Rogerebert: The act of binge-watching has been normalized thanks to addictive, serialized TV shows and Netflix revivals, but what about the act of binge-watching an artist’s entire oeuvre, especially one as expansive as Woody Allen’s? What could be learned from that? To study the evolution of an artist’s voice and vision is to study their life. It is a biographical account…
BFI: Oliver Stone, 10 essential films – Stone remains unrepentant in his determination to make audiences think for themselves rather than sleepwalk into accepting the official version. He claims to specialise in “dramas about individuals in personal struggles” rather than political tracts. Perhaps that’s why he’s always been able to bounce back from furores with the mantra: “Don’t stop. Don’t think. Keep moving…”
David Bordwell: Fantasy, flashbacks and what-ifs: 2016 pays off the past – After I see a new movie, I like thinking about its ties to film history. This isn’t a matter of sneering, “They did it better in the old days,” though often that’s true. Rather, I like exploring how our films both rely on and swerve from the traditions they invoke.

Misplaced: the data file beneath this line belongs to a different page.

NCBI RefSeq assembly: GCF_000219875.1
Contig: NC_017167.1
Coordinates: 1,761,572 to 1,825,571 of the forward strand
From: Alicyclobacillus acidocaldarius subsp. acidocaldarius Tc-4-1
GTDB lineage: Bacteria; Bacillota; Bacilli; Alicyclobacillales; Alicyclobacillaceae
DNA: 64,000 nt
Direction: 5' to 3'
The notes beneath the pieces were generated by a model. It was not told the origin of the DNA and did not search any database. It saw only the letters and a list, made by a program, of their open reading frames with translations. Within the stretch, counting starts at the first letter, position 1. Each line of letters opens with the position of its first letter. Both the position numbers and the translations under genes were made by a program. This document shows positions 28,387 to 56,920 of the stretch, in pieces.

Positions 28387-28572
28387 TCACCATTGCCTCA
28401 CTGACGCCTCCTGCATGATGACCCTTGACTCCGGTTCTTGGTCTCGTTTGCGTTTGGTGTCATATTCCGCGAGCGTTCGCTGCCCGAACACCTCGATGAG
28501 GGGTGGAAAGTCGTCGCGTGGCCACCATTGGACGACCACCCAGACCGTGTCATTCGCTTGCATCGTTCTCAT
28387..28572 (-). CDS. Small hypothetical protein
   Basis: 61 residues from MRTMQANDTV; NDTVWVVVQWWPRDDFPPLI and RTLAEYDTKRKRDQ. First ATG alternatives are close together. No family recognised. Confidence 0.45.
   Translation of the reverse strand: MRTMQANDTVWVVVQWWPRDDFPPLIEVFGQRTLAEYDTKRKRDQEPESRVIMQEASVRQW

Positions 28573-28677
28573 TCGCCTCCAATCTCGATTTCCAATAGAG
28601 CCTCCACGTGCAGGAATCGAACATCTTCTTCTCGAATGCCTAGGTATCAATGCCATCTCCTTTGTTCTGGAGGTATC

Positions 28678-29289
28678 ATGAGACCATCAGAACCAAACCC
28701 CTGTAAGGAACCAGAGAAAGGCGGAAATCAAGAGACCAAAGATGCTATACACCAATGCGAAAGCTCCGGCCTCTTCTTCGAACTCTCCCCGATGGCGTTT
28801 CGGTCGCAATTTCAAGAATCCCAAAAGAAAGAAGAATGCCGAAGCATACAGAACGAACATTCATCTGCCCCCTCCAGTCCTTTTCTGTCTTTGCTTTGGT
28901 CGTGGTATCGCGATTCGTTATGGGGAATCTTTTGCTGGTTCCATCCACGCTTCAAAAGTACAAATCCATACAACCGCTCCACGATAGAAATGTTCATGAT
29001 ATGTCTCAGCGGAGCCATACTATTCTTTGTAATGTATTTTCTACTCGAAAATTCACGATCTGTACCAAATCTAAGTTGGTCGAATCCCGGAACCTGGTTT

Jonathan Rosenbaum: Shortcuts to Happiness [SECRETS AND LIES] – I’ve seen Secrets and Lies three times since it premiered at Cannes in May, and each time the movie’s apparent rough patches have seemed smoother — clear evidence that writer-director Mike Leigh knows exactly what he’s doing and why…More: Rogerebert (Great Movie)
As Clint Eastwood’s latest film, Sully, closes in cinemas, the BFI list revisits some of the highest peaks from one of the finest bodies of work in American film. Explore full list on BFI